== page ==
Sometimes all it takes is Guts!

GM Mikhail Tal was no wimp.  He fought against the known chess establishment much the way Donald Trump does in his quest to win in politics.

Tal essayed a relatively untried idea of bringing the Queen into play early in the opening against most theories opposed to such as portrayed in most books and instruction materials.  He brazenly did so in the powerful 1971 Soviet Championship against Yury Balashov.

1.e4 c6 2. d4 d5  3. Nd2 d:e4 4. N:e4 Bf5

Thousands of games are opened reaching this Caro Kann position.  In general, it entails a host of variations met again and again.  But this was not Tal’s intention; he surprises his opponent with a rare choice that smacks in the face of sanity, if one wants to adhere to advice from the multitudes.

5. Qf3!?!  e6  6. Bd3  Nd7  7. Ne2  Bg6  8. Bf4  Ndf6  9. Ng5  Nd5  10. B:g6 h:g6   11. Bd2  Nh6 12. O-O-O  Bb4  13. c3  Be7  14. h4  Qd7  15. g3  O-O-O  16. c4  Nb6  17. Ba5.  Tal eventually won.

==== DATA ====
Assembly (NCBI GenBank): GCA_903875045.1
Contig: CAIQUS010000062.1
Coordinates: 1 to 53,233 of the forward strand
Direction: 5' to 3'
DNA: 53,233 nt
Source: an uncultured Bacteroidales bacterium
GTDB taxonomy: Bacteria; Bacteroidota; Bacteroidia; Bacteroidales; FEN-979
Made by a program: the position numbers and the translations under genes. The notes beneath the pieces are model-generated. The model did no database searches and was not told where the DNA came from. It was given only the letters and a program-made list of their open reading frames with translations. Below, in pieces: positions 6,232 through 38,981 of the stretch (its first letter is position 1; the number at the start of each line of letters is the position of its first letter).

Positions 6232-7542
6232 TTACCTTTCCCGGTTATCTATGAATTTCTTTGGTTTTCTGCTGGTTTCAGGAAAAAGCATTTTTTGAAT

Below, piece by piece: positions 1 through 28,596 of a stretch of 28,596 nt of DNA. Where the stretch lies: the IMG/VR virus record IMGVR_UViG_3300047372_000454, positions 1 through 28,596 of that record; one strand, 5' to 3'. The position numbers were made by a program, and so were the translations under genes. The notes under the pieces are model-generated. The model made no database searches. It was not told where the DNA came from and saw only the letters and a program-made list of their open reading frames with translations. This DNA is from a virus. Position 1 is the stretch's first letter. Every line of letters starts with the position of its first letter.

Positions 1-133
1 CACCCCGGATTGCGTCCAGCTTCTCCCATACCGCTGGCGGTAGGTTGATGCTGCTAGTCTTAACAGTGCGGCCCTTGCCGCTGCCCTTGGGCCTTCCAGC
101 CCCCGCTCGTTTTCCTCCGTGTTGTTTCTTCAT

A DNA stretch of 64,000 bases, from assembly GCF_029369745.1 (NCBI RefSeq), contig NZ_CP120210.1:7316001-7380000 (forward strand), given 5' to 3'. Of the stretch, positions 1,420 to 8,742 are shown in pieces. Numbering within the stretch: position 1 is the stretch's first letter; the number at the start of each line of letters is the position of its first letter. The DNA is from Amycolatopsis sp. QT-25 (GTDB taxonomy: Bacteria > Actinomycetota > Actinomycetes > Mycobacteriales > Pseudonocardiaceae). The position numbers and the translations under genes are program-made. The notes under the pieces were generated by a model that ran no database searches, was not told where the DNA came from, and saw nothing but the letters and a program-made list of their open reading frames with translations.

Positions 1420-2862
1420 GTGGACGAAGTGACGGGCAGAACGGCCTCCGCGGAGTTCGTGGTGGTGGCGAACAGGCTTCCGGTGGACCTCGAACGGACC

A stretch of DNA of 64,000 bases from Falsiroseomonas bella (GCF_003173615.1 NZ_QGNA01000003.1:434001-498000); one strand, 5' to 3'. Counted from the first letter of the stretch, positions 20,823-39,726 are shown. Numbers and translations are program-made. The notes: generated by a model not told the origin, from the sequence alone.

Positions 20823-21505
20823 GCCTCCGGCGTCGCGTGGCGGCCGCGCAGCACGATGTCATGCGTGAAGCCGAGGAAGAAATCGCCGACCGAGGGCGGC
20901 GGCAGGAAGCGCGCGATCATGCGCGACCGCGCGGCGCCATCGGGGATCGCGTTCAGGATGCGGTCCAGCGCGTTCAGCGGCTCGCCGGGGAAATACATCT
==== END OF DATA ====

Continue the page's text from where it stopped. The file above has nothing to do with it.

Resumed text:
It is White or Black ? who fairs  better after 6. Bd3 Q:d4 as Black gains the important center pawn. 7. Ne2 B:e4  8. B:e4  Qd8.  If so, then maybe 6. Ne2  Nf6 should be tried.  White has a tiny endgame structure edge.

No doubt the final verdict is yet to come in on 5. Qf3. It has been adopted by some of the rising players occasionally with decent results. White often obtains the pair of bishops and can then start to put in real effort to make something of it.  It is for spirited risk taking players.

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